201 Carter Drive, Suite 100
West Chester, PA 19383
Just before the Holiday break, the Office of Human Resources informed the campus community of a new "anti-bullying" resources section on our home page. Since then, I've received a number of calls from employees asking me "What's it all about? Do we have a problem here?" My reply was, "well, we and about every other employer in the country have a problem - in varying degrees." Our hope is that bringing attention to it here at West Chester and providing some effective resources for employees will have a meaningful impact on its prevalence here.
While statistics vary on incidence, a recent national poll concluded that about 37% of our national workforce has been on the wrong side of a workplace bully at one time or another. That's roughly about 54 million people. Anyone who has ever been a target of a bully or witnessed bullying knows just how devastating the experience can be. Work is difficult enough these days without having to deal with the personal and organizational consequences of a serious bullying problem. In reality, we spend almost as much of our time awake at work as we do at home.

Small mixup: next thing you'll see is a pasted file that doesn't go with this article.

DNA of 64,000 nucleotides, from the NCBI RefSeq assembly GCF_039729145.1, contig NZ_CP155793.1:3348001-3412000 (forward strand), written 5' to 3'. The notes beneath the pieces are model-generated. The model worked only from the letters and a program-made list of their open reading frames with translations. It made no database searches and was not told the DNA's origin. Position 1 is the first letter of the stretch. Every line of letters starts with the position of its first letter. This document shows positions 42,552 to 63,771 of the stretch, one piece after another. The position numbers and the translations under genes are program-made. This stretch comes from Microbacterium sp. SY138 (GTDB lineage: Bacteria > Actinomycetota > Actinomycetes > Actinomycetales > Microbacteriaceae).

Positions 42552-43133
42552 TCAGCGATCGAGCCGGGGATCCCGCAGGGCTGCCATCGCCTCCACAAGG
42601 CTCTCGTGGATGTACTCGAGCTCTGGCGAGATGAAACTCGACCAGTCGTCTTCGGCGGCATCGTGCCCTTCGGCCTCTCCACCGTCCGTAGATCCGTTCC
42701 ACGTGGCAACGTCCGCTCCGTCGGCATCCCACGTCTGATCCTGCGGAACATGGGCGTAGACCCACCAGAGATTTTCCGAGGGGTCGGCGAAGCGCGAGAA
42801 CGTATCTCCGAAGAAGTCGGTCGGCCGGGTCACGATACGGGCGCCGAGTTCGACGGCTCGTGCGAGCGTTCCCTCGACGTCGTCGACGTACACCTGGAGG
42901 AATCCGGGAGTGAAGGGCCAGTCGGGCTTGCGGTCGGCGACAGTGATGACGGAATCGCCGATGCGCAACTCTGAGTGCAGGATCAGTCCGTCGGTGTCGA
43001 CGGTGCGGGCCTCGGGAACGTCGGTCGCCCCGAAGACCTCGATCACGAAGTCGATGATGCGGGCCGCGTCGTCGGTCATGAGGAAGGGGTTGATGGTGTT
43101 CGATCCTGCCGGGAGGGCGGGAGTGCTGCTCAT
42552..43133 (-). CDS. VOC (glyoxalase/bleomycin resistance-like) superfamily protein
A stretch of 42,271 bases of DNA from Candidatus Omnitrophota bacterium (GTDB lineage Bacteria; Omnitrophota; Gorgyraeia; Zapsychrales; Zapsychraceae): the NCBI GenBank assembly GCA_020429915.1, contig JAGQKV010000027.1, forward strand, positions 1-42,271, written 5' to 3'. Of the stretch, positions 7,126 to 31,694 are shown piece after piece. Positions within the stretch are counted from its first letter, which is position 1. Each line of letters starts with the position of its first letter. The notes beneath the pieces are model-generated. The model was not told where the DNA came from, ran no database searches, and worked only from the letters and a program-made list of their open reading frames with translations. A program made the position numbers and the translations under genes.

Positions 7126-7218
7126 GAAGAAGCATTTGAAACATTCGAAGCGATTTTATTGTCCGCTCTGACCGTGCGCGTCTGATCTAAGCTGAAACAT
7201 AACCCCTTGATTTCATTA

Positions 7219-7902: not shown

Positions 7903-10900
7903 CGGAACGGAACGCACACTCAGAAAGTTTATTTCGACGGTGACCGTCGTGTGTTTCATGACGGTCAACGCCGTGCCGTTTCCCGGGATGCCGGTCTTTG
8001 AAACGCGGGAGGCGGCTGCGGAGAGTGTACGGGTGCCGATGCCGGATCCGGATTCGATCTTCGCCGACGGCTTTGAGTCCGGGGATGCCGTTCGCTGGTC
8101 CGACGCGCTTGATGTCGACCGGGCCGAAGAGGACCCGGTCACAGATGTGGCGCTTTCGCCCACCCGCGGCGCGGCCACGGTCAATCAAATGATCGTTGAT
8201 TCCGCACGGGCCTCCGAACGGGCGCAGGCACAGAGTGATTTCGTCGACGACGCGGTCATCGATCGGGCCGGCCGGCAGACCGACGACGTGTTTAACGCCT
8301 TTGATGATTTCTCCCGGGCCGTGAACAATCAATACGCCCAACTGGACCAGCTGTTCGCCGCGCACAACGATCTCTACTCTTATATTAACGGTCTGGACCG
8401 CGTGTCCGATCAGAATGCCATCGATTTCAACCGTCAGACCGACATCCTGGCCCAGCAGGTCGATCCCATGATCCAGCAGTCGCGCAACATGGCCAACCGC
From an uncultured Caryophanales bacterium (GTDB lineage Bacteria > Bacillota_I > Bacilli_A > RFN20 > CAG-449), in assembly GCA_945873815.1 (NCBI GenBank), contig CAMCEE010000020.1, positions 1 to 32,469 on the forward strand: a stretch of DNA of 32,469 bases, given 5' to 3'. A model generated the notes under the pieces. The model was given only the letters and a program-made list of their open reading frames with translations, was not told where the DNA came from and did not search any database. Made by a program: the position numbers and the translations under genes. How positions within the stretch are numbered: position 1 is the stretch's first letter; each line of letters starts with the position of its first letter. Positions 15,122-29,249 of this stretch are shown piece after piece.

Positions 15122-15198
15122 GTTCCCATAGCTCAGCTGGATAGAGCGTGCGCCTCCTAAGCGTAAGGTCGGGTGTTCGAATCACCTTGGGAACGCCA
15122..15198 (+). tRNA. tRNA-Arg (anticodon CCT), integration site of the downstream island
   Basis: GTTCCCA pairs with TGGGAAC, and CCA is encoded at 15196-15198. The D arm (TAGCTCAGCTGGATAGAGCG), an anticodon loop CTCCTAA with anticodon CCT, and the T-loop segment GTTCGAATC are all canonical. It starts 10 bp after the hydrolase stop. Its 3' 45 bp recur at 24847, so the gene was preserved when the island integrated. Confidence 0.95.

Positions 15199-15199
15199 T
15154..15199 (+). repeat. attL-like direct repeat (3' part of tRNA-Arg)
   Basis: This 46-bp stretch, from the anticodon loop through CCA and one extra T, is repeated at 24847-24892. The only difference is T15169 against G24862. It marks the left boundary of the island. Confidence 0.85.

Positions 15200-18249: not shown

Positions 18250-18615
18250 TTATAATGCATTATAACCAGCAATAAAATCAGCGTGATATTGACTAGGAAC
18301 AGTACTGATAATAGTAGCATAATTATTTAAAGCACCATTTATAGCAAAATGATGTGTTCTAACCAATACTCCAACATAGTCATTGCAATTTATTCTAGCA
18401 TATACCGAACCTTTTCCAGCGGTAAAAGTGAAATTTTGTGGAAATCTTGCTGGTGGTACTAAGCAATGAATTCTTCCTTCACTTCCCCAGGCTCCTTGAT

When we think of a bully, we generally think of a supervisor riding an employee or employees in a visibly harsh, persistent and publicly embarrassing manner. But in actuality, bullies come in all shapes and sizes and genders, and they can work at any level in an organization. Peer bullying is frankly a bigger problem than "boss" bullying, according to a number of studies. Bullying can be subtle to the casual observer, and bullying can be tacitly tolerated for years by an organization because the bully is highly productive. I can tell you from my experience, as well as my labor relations and organizational development staff's experience in the past couple of years, more and more of our time is being devoted to managing interpersonal conflicts and controversies which have a genuine dimension of employee aggression, passively or overtly. There are many reasons why bullying is on the rise, so there is no simple solution. But the primary preventive tool we each possess is the ability and means to treat each other with consideration, dignity and a reasonable measure of patience.
Michael T. Maloy
Associate Vice President of Human Resources